Does Physical Activity Help With Dry Eye?
A team of researchers from Spain published a literature review in the journal Contact Lens & Anterior Eye to evaluate the link between physical activity and dry eye disease (DED) symptoms.
About the study
The meta-analysis review included 16 studies from PubMed and Web of Science databases that investigated the effects of physical activity on DED.
Of the 16 papers:
- Eight of the 16 papers studied the changes in dry eye signs after a single, short-term bout of aerobic exercise.
- The other eight papers studied the changes in dry eye symptoms in relation to long-term, regular physical activity.
These papers evaluated dry eye-associated signs, such as changes in tear volume, osmolarity, and/or biochemical composition, as well as dry eye subjective symptoms in patients primarily between the ages of 20 and 70 (with one paper assessing pediatrics and an inclusion of a small number of patients over the age of 70 in the remaining papers).
What did they find?
The studies found that physical activity was associated with:
- Increased tear volume
- Decreased tear osmolarity
- Prolonged tear breakup time (TBUT)
However, the duration of these changes and whether they are maintained after repeated bouts of exercise is still unknown.
Oxygen Bioavailability and Tear Osmolarity
The researchers found that the exercise group had significantly lower tear film osmolarity than the control group. This suggests that physical activity may help to protect the eyes from dry eye, a condition that is characterized by dry, irritated eyes.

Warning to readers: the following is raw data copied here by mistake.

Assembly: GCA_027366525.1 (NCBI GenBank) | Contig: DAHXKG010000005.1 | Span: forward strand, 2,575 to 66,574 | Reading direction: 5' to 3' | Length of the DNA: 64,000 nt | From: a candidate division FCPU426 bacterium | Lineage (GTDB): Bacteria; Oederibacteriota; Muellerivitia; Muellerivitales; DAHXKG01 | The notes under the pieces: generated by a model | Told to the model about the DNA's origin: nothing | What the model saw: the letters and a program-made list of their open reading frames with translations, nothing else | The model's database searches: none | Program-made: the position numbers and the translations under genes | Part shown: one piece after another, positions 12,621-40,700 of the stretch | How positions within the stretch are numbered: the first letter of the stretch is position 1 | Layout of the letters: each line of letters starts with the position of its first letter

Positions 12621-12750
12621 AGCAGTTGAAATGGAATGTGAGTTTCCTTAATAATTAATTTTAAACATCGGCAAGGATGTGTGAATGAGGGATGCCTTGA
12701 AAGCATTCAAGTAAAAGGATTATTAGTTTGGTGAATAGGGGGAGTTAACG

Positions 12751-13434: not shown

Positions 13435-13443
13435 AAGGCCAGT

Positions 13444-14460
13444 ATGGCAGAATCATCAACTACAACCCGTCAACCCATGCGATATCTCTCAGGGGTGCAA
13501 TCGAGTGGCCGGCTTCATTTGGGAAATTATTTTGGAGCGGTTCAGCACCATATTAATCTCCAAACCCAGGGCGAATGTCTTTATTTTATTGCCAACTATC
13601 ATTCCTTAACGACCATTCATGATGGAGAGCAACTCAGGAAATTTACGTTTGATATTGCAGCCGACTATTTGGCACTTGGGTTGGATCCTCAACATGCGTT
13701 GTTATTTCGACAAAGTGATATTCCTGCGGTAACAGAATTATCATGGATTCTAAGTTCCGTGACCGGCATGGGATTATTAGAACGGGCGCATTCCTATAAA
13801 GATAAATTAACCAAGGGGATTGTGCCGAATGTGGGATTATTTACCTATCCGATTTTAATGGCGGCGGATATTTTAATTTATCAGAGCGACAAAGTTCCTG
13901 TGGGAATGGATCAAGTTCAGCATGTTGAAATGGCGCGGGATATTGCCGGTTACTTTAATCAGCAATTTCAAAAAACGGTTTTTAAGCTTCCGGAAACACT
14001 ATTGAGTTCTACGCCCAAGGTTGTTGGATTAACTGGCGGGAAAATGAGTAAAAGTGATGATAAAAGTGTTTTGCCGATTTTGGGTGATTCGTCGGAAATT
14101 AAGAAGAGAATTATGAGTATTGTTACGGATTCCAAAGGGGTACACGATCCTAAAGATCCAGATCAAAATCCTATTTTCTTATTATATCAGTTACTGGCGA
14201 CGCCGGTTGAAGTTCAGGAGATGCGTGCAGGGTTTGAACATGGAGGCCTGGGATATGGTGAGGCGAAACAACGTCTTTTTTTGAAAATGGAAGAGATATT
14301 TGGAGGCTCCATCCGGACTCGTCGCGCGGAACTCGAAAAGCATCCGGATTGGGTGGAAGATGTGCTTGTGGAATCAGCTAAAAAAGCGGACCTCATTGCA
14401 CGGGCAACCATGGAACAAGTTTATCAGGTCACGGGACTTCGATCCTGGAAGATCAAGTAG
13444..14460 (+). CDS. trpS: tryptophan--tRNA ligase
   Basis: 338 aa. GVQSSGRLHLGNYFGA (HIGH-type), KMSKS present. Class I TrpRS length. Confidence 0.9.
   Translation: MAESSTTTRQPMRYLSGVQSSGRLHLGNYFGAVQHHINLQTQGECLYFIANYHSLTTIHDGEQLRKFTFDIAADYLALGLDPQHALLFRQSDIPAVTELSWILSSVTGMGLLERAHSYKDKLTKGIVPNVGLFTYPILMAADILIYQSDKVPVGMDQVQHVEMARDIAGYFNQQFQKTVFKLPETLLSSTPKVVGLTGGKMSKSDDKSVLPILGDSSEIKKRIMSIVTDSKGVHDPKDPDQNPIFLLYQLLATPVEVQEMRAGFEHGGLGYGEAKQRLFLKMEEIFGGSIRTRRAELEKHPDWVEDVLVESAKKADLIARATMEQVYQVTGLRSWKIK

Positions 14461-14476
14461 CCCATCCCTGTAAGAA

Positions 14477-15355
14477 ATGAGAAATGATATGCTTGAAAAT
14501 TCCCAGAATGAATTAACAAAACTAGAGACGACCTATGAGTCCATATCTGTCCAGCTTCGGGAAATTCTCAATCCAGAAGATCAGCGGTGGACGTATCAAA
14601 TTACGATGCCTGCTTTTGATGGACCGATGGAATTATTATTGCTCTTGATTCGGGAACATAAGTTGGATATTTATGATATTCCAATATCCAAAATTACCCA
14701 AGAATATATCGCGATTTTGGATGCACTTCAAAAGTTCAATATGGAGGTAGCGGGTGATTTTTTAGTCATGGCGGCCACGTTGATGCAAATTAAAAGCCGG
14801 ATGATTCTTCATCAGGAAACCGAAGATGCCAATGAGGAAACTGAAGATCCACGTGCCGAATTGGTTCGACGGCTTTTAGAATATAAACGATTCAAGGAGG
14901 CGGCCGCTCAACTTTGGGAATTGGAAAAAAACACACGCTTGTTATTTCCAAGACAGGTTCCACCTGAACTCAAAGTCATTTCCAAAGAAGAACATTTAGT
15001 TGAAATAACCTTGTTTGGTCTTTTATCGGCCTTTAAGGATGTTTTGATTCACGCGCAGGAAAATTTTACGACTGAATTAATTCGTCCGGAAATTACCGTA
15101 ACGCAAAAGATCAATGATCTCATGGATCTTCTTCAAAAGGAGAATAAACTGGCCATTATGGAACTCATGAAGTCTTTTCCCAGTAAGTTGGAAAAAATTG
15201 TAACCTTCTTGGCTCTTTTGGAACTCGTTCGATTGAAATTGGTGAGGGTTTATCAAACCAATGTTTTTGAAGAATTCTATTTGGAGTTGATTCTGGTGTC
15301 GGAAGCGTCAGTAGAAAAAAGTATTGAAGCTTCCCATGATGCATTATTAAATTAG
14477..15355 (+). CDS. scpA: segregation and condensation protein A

The researchers believe that the decrease in tear film osmolarity may be due to the increased blood flow to the eyes that occurs during physical activity due to the simultaneous activity of both autonomic divisions of the nervous system on the lacrimal glands. This increased blood flow helps to deliver more oxygen to the eyes, which can help to reduce tear film osmolarity.
Physical Activity May Improve Dry Eye Symptoms
Researchers have observed that habitual physical activity may lead to a long-term adaptation of the autonomic nervous system, increasing the so-called “parasympathetic tone.” This could improve both lacrimal gland secretion and the physiological function of the meibomian glands, which are two important factors in maintaining healthy tear film.
The parasympathetic nervous system is responsible for many bodily functions, including tear production. When this system is activated, it sends signals to the lacrimal gland to produce tears. The meibomian glands are located on the eyelids and produce an oily substance that helps to keep the tears from evaporating too quickly.
This literature review presents compelling evidence indicating that physical activity may serve as a regulating stimulus to preserve the optimal functionality of the tear film, potentially reducing the signs and symptoms of dry eye disease (DED).
Navarro-Lopez, S., Moya-Ramón, M., Gallar, J., Carracedo, G., & Aracil-Marco, A. (2023). Effects of physical activity/exercise on tear film characteristics and dry eye associated symptoms: A literature review. Contact Lens and Anterior Eye, 101854.